Page 1

SUPPORTING STUDENT LEARNING AT HILLFIELD STRATHALLAN COLLEGE JOYPURPOSEPOTENTIAL


1

JOYPURPOSEPOTENTIAL


CONTENTS Purpose and Rationale

3

HSC’s Mission and Ideals

3

HSC’s Guiding Educational Principles

4

Duty to Accommodate

5

Identification for Students with Learning Disabilities

5

Importance of Parent/guardian/Guardian Partnership & Communication Universal Design for Learning

10

Intervention Team Approaches for Supporting Learners

11

Roles & Responsibilities in Supporting Student Learning

12

Learning Services at HSC

16

Wellness Supports at HSC

17

College Counsellor

18

HSC Individual Learning Plans (ILP)

21

Student Success Plans (SSP)

22

Identified Learning Challenges & Available Accommodations

23

Student Behaviour and HSC Code of Conduct

27

Accommodations and Modifications

28

Assistive Learning Technologies at HSC

29

Academic Support Programs

29

External Paraprofessional Supports

30

Supporting English Language Learners at HSC

31

Enriched Learning Opportunities at HSC

32

HSC Policy on External Tutors

32

Transitioning between HSC School Divisions

33

Communication Protocols when Questions Arise

35

Contact Information

36

9

JOYPURPOSEPOTENTIAL

2


3

PURPOSE AND RATIONALE

HSC’S MISSION AND IDEALS

The Supporting Student Learning at Hillfield Strathallan College document brings together all of the policies, processes, and structures that exist across the College to support student learning. It provides both current and prospective students and parent/ guardians/guardians with explicit details regarding the many efforts that HSC makes to ensure that all of our students are provided with ample support and opportunity to achieve their very best within our learning environment. The document highlights the areas of support that are consistent across the College and seeks to clarify areas where our support processes are different between the four school divisions that comprise our school community. Finally, the document outlines the learning boundaries that HSC is capable of supporting, detailing what types of learning supports the College is able to provide and identifying those learning supports that we are unable to offer because they extend beyond the scope of HSC’s program.

The College’s mission statement is Learn with Joy. Live with Purpose.

JOYPURPOSEPOTENTIAL

The core mission at Hillfield Strathallan College is to develop joyful and engaged students who live life with purpose. The best learning happens when students are happy to come to school, have opportunities to follow their passions, and participate in deep learning experiences that challenge them. Joyful, engaged students develop strong relationships with their peers and with the caring adults who spark and support their learning both inside the classroom and beyond. Their journey at HSC prepares students to live with purpose – to understand their world, inspire, lead, act, and make a difference in their own unique ways.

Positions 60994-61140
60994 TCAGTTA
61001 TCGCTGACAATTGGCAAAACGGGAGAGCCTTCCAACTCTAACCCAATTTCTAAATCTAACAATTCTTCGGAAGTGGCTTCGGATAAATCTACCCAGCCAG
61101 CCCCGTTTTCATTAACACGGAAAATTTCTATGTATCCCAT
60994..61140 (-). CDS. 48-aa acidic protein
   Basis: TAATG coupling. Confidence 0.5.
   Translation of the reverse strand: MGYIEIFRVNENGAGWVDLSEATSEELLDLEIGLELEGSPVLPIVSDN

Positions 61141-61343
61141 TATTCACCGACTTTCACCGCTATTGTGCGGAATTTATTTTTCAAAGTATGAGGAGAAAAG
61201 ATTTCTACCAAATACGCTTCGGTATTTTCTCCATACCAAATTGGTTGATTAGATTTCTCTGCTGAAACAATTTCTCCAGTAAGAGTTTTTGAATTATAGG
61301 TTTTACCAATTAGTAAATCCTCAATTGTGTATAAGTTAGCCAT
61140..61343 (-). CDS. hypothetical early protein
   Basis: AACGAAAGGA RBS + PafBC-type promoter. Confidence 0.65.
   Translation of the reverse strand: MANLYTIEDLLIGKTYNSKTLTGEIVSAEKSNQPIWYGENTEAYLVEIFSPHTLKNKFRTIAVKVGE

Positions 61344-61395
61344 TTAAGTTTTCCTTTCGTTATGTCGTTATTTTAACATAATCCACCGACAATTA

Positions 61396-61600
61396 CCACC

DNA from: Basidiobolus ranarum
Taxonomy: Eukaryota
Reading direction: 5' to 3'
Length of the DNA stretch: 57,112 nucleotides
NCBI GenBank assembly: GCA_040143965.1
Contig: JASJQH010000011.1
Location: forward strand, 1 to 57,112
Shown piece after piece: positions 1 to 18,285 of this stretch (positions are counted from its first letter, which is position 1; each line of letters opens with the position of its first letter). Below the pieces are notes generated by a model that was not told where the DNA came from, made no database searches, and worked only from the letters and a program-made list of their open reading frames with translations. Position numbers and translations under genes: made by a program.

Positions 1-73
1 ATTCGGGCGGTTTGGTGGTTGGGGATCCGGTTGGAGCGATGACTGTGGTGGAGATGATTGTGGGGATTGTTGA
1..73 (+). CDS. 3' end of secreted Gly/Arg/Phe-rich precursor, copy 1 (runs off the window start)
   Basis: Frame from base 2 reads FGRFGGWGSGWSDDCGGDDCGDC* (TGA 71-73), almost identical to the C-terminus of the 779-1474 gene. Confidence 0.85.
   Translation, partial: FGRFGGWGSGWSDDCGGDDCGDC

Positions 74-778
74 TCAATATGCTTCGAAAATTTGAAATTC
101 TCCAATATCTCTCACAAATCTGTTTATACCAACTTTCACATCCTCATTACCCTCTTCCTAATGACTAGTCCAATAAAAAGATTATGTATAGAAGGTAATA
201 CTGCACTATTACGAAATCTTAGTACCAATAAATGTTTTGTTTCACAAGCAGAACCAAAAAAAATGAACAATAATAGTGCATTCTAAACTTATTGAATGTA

As defined by the student body at HSC, the following are the ideals which our community believes are essential in developing well-rounded leaders who possess a genuine sense of purpose: A) • • • • •

Integrity We are honest not only with our peers and colleagues, but with ourselves We stand up for what we believe in We take responsibility for our actions We are true to our word We allow actions to speak louder than words

B) • • • •

Respect We understand the importance of being humble We think beyond ourselves through empathy and kindness We are courteous and compassionate We find a sense of worth and value in others and in ourselves

C) Community • We build friendships through inclusivity and the celebration of individual differences • We foster positive relationships at HSC and beyond our gates D) • • • •

Determination We are committed and optimistic We encourage individuals to strive for their own excellence We persevere when faced with adversity We learn from our missteps

E) • • •

Individuality We inspire individuals to express and pursue their own unique passions We are creative We are confident in who we are and who we will become

HSC’S GUIDING EDUCATIONAL PRINCIPLES At HSC, we believe that the best learning occurs: • With an understanding of ourselves as learners; • With each other, and from each other; • With a blend of challenge and support; • With an expectation, and the encouragement needed, to lead; • With excellence honoured and demonstrated • Through creativity and an entrepreneurial spirit to think critically; • With resiliency in mind and body; • With an awareness of, and engagement in, global, cultural, economic, social, and environmental issues JOYPURPOSEPOTENTIAL

4